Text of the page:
Charleston locals lucky enough to ride by the original location of Rodney Scott’s BBQ on any given morning can smell whole hogs being slowly cooked in the smokehouse just as the sun is rising. The aroma is a part of Scott’s signature approach — each pig cooks for twelve or more hours, right on-site and over real wood. The schedule requires pulling cooked pork off the smokers throughout the day so each customer, from lunch to dinner, is tasting fresh barbecue.
Scott’s restaurant is so beloved that he has two more locations — one in Birmingham, Alabama and another soon to come in Atlanta, Georgia — and has made appearances on Chef’s Table and Anthony Bourdain’s Parts Unknown. Plus, Scott himself won a James Beard Award for Best Chef Southeast in 2018. His newest venture? Putting all of that knowledge into his first cookbook, Rodney Scott’s World of BBQ: Recipes & Perspectives from the Legendary Pitmaster.
Scott, who cooked his first whole hog at age 11 as part of his family smokehouse in Hemmingway, South Carolina, knows how to cook a pig in his sleep. But writing a cookbook? That was another story. “It’s a whole new learning curve,” said Scott. For example, at the restaurant he makes his famous pepper-flecked vinegar-based Rod Sauce in 18 gallon batches — the home cook requires smaller yields, simpler directions, and flawless recipes that won’t require multiple trips to the grocery store.
Though the cookbook captures many of Scott’s signature recipes (including his whole hog roasting method, adapted for backyards with a DIY pit approach using cinder blocks, a steel drum, and some chicken wire) there’s one thing it can’t capture, and that is the hospitality and warmth that guests feel after entering one of Scott’s spots.
“Hospitality is the first flavor that goes into your meal or your event, so of course you want to make it good,” says Scott. “I believe you have to give people an experience as well as a tasteful dish.”
Back in Hemmingway, South Carolina a classmate once told Scott “You know, your food isn’t all that, but your personality makes it great,” recalls Scott. And, though his James Beard award tells another story about the food, this classmate was right about Scott’s personality: His positivity and warmth make his restaurants stand out in a region already awash in BBQ. So, we asked this legendary host for some of his tips for throwing your own memorable barbecue at home.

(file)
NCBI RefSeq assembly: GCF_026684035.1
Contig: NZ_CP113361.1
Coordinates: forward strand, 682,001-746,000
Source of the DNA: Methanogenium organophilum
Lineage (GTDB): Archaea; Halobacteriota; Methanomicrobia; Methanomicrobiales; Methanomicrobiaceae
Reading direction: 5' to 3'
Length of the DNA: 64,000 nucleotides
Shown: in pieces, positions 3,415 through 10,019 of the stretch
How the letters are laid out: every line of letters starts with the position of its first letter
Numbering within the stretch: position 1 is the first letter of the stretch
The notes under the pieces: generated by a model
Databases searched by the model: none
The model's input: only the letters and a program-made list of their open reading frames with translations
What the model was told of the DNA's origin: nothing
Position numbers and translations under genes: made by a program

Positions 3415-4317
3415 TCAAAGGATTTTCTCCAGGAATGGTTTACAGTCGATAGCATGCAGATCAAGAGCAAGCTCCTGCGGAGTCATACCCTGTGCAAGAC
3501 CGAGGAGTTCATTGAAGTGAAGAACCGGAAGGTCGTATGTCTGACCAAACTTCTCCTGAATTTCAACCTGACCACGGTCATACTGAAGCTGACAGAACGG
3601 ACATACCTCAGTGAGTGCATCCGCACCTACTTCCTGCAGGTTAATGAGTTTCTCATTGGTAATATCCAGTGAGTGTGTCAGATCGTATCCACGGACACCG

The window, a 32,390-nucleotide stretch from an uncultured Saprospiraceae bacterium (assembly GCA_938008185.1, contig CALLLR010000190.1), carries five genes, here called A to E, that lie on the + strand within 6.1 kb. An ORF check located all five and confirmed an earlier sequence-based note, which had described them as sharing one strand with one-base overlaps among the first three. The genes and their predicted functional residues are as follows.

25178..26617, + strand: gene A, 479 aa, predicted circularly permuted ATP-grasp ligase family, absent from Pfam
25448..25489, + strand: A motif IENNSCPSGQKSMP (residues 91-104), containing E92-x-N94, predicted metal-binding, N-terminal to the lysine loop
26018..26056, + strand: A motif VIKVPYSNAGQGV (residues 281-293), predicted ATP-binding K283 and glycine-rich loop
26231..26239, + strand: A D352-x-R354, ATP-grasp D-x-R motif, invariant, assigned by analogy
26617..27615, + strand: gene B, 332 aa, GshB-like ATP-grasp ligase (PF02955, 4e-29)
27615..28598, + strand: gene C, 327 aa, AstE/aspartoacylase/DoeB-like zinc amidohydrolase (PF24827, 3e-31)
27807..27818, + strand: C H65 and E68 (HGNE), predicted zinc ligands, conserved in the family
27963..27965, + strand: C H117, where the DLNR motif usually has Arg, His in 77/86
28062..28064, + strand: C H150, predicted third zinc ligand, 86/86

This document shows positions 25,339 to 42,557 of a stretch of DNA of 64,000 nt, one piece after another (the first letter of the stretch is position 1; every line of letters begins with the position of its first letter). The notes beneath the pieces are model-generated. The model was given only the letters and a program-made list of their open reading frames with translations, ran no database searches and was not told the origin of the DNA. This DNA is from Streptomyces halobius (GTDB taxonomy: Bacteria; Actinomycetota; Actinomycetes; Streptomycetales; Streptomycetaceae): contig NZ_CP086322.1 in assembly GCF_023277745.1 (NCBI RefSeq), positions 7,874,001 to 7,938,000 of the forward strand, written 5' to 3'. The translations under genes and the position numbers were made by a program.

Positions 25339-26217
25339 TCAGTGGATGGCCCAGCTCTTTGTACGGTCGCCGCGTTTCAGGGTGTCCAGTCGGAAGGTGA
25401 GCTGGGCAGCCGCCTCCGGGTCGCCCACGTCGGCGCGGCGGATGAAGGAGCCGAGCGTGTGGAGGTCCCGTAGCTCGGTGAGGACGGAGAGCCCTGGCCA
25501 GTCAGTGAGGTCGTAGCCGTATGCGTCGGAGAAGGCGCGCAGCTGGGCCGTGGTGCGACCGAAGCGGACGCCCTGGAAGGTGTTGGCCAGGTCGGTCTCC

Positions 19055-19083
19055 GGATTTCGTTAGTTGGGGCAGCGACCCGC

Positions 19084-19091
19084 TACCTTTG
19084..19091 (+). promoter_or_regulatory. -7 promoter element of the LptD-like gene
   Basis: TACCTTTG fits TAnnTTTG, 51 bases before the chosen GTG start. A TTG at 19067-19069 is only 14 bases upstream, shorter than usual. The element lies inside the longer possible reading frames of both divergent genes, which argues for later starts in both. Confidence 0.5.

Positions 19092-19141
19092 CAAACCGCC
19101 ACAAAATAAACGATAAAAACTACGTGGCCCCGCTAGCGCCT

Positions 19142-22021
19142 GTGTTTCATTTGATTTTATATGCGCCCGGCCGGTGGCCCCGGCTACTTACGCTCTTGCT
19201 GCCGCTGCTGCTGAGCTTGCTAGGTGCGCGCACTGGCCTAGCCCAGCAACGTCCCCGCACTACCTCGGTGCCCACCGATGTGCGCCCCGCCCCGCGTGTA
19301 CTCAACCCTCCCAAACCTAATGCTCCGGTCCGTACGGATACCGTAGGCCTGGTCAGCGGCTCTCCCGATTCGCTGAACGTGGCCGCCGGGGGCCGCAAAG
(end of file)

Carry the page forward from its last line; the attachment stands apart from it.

Go Big With the Invite
Here’s the thing about a whole hog barbecue — your neighbors are going to smell it. And, if the party is good, they’re going to hear it, too. So don’t wait for complaints: “Stick an invite on the door of everyone within listening distance that you can afford to feed!” advises Scott. That’s the thing about whole hog barbecue — there’s plenty enough for a crowd. “The key is, you want them to be with you instead of interrupted by you.”
Have A “Disco Ball” Moment
One thing people might not notice at first glance is the disco ball hung up inside Rodney Scott’s BBQ. “I saw a disco ball for the first time at a nightclub in 1985 and I was just mesmerized,” says Scott. “Now I put one in all my restaurants. It’s a little thing, but it creates a moment, it indicates that you are stepping into a different place for a little bit.”
Whether that’s an over-the-top table setting, a colorful floral arrangement, or even a showstopping appetizer, discover your version of Scott’s disco ball. “You can bring that same energy in your own backyard with or without the disco ball,” says Scott. “But they do make portable disco balls…”
Be Your Own Front-of-House
When Scott first started out he preferred to spend his time up all night shoveling hot coals under slow-roasting pork. But as he gained notoriety after an article in The New York Times, Scott realized people came not just for the food, but to see him as well. He needed to be spending more time up front, talking to customers and welcoming guests.
Take this same approach when hosting a BBQ: Have the cocktails batched, the plates and forks set out to grab, the sides ready to serve room temperature — after all, people are here not just to fill their bellies but to enjoy the company, too. You’ll know you are being a good host when you can greet each guest and let them know where the bathroom is and when the food will be ready, says Scott.
Tell a Story With Your Food
Not everything has to look effortless to your guests. Instead of adopting an “oh, I just whipped this up…” attitude, tell your friends exactly what went into the dishes you’ve prepared and why you chose them, says Scott. “Take the cookbook out, tell a story, try something new and ask them what they think,” he encourages. “That starts a conversion and it helps people open their eyes to the fact that there are different ways of doing food.”
Rodney Scott’s World of BBQ: Every Day is a Good Day by Rodney Scott and Lolis Eric Elie Copyright © 2021 by Rodney Scott’s BBQ, LLC, a South Carolina limited liability company. Photographs copyright © 2021 by Jerrelle Guy. Published by Clarkson Potter, an imprint of Penguin Random House.